Imports and shipping rates
China’s industrial output—crude steel and electricity outputs, to be specific—are bellwethers of demand for raw material shipments. When industrial production rises quickly, so does demand for raw materials, such as iron ore and coal, which is often accommodated by higher domestic production and imports. Since dry bulk ships take one to two years to construct, supply is quite inelastic. So changes in imports have large impacts on shipping rates, and vice versa.
Steel and electricity output
The year-over-year change in China’s steel output rose in May to 7.3% from 6.8% in April, while electricity output fell to 4.1% from 6.2% in April. Investors have worried since a few months ago about whether the government’s move to cool the property market down would hurt industrial output. While the bulls will say industrial output continues to grow positively and hasn’t fallen off a cliff, the bears will point out that output growth isn’t as high as it was before. They’re both right. Compared to before the financial crisis, in 2010 to 2011, industrial output has consistently stayed above 10% for steel and electricity output. This time around, however, growth reports have been lower, as the government’s not so eager to energize the economy by pumping more stimulus into it like it did before, because China’s transitioning to a consumption- and private enterprise–led economy. Just like how a job switch can be time-consuming and take some ramp-up time, the switch will take a while.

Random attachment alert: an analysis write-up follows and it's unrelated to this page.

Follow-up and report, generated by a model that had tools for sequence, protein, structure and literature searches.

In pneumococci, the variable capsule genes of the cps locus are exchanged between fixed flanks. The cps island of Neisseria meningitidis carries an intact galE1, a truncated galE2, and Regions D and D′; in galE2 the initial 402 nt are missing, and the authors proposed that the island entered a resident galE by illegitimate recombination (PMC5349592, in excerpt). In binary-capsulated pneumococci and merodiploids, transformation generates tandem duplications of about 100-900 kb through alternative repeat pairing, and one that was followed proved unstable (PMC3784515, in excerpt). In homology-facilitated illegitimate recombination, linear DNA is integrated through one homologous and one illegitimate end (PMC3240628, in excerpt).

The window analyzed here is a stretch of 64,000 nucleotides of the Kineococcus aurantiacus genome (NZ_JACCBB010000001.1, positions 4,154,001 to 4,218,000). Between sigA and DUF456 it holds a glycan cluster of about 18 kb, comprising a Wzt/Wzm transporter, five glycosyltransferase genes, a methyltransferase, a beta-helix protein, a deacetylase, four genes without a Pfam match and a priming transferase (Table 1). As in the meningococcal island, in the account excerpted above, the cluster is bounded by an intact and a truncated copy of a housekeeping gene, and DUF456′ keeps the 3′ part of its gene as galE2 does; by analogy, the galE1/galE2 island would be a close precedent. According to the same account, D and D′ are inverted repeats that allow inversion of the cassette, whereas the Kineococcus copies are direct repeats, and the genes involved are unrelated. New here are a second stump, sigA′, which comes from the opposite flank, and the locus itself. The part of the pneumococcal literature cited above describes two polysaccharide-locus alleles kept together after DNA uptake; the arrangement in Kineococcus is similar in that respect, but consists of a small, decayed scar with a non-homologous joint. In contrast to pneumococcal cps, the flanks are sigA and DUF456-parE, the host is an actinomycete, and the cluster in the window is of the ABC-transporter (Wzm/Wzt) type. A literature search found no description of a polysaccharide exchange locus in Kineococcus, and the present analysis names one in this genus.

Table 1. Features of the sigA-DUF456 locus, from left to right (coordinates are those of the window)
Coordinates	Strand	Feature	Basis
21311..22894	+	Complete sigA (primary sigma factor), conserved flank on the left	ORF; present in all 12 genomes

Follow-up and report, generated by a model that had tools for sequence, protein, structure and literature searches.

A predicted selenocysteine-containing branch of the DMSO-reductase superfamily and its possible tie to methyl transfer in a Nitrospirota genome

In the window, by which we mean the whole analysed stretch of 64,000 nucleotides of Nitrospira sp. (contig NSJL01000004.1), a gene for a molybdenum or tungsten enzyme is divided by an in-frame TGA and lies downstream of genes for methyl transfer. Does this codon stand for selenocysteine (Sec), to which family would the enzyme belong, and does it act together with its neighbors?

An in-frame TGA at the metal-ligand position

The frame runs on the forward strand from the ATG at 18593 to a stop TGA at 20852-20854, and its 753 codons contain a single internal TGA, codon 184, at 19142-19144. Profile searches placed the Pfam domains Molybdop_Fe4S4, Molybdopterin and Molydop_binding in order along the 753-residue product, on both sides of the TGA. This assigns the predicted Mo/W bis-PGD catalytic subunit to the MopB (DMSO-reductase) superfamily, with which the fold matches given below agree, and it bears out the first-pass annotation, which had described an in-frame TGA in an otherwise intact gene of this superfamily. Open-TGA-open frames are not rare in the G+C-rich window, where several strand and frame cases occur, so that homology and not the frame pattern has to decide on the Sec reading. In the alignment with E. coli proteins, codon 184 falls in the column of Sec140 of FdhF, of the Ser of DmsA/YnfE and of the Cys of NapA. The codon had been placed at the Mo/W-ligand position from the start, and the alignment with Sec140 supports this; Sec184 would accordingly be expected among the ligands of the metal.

Implication for shipping
Because share prices reflect the future outlook of a company’s earnings potential, lower output growth will hurt shipping rates, which is a negative for share prices of shipping companies such as DryShips Inc. (DRYS), Diana Shipping Inc. (DSX), Eagle Bulk Shipping Inc. (EGLE), Safe Bulkers Inc. (SB), and Navios Maritime Partners LP (NMM) in the short term. While China’s economic growth is unlikely to expand as fast as it once did, the market will eventually come to realize this change, knowing that the world isn’t going to collapse, which will be positive for long-term share price movements driven more by long-term fundamentals.
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